Brandon’s thesis is a contribution to fight this condition, and his initial explorations took the form of commentary. He created a set of editorial products that, by urning them into “boobie traps,” make people stop and think. For example, below is “furniture that is impossible to take apart when nestled together.”
An ethical spectacle has several criteria. It needs to be participatory, authentic about its message, open to everyone’s ideas, transparent, and aspirational.
Although these interventions literally jostled people out of their expected moments, the work made Brandon realize that social commentary wasn’t a satisfying route to pursue, and so he redirected his sights towards an “ethical spectacle.” SEE THIS PROJECT
The Ethical Spectacle
With insights gathered from speaking to experts, user research, prototyping, sketching, and system mapping, Brandon started to form a methodology to achieve the thesis goals. One of his biggest influencers was activist, educator, and author Stephen Duncombe, who coined the term “ethical spectacle” in his book Dream:Re-Imagining Progressive Politics in an Age of Fantasy. An ethical spectacle has several criteria. It needs to be participatory, authentic about its message, open to everyone’s ideas, transparent, and aspirational.
Brandon created “ethical spectacles” through a framework of three design lenses: service design, social enterprise, and a futuring.
The ALT BOKS service is a mix between an arts CSA and a modern book club.
Brandon wanted to give people the materials to question society. His conversation with educator, activist, and founder of The Journal of Radical Shimming, Sam Gould, helped guide this pursuit. Here, he encouraged Brandon to use art as a vehicle for creating spaces for questioning culture. As a result, Brandon created ALT BOKS.
In 2013, nearly 70 million Americans visited a museum or gallery, or took part in an art event. Those of us living in major cities, immersed in art culture, can interact with this culture in tangible ways. But for people who do not live in these types of cities, interactions with art, in most cases, takes place through screens.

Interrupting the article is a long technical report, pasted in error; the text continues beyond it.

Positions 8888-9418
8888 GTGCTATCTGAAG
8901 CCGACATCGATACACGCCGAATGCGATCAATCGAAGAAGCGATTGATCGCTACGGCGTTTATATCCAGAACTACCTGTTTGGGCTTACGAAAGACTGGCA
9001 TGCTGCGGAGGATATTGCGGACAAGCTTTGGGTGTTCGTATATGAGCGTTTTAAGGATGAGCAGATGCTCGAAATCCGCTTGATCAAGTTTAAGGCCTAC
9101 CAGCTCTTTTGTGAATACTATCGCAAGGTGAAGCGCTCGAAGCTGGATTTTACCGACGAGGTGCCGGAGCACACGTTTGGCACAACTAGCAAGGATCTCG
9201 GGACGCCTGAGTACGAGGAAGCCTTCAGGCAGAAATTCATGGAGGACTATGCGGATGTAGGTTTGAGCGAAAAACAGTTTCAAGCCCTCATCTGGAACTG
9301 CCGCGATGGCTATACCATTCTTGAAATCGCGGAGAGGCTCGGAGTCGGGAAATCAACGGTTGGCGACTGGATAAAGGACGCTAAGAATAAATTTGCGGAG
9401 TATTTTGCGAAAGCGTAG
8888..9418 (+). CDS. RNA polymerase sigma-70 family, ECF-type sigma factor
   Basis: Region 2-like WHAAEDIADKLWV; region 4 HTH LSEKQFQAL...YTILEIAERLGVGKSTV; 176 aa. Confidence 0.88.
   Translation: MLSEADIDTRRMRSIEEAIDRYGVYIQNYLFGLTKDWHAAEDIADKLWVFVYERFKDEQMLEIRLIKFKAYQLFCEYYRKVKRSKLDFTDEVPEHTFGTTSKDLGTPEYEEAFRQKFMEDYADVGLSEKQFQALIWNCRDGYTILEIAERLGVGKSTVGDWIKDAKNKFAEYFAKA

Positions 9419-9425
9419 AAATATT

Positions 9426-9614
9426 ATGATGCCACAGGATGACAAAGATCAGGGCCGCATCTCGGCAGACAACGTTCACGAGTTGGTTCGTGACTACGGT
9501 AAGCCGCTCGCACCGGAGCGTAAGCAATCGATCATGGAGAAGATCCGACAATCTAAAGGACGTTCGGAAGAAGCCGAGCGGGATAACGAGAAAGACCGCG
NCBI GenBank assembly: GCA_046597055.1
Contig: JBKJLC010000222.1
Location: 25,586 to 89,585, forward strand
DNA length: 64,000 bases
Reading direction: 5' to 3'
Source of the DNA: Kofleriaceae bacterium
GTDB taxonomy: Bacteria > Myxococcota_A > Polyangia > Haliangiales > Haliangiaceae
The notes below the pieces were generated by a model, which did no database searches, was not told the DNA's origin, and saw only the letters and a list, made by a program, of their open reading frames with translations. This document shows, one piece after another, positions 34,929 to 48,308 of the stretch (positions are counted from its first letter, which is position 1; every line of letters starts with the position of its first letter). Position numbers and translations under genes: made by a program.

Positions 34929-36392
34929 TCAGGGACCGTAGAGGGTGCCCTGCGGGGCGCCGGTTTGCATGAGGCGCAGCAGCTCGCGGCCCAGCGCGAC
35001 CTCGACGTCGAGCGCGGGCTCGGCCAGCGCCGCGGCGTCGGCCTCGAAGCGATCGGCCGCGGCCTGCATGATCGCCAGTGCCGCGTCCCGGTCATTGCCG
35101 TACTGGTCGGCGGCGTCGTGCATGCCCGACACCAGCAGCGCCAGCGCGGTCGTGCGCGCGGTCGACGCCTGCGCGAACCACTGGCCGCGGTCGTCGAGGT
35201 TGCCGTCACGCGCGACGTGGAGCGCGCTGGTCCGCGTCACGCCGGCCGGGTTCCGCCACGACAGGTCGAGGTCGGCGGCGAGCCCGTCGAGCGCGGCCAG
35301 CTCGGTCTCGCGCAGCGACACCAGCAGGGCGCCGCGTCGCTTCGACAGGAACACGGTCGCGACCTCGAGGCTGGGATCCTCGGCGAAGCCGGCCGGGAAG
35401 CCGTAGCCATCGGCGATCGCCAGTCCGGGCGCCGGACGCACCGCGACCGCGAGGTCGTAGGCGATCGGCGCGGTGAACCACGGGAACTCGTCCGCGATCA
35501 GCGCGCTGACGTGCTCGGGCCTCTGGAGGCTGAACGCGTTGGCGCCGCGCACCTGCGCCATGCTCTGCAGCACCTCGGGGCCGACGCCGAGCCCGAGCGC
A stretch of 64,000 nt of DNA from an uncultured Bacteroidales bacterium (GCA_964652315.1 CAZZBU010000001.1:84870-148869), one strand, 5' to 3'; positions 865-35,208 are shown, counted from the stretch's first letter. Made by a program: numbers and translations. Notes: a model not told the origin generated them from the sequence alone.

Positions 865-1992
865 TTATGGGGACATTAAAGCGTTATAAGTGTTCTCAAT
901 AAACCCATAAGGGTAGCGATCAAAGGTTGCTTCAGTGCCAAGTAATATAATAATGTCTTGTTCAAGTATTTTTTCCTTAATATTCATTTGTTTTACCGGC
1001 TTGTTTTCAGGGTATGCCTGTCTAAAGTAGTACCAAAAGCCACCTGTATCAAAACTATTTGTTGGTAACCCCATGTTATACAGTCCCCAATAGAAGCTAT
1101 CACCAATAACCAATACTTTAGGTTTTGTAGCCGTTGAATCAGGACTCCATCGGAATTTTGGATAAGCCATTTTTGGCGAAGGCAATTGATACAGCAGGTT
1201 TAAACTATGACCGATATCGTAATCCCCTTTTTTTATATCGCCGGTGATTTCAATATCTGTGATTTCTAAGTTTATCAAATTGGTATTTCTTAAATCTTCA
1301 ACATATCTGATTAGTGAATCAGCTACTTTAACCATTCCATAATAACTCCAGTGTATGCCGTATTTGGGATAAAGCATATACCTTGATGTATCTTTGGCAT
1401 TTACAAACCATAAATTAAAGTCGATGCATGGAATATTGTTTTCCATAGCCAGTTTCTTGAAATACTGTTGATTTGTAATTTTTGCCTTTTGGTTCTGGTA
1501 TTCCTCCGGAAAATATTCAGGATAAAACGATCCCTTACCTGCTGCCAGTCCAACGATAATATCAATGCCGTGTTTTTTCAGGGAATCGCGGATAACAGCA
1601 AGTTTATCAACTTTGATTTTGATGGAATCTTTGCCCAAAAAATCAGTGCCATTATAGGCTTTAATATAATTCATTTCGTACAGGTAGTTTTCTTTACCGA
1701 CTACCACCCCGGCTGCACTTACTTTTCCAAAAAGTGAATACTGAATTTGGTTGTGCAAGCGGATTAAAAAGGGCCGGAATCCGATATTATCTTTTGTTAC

ALT BOKS wants to make this experience more tangible. It’s is a subscription-based service that disseminates “the materials of art that foster free thinking, expression, and questioning to those who don’t have art in their daily lives.” ALT BOKS distributes free thought from people whose art and writing are not widely publicized.
Subscribers receive one box every month for a year. There are six themes over that year—each grounded in critical and alternative thinking. New themes are introduced via a book, which is paired with a summary and suggestions on how to digest the book. The following month, subscribers receive an artist-commissioned object that is inspired by the book and theme. These are paired with a description of the artistic process of creating the object, along with the artist’s point of view on the topic.
The companion online platform features tutorials, artist talks, and a forum to discuss the themes and topics presented within the contents of ALT BOKS. In total, the service is a mix between an arts CSA and a modern book club.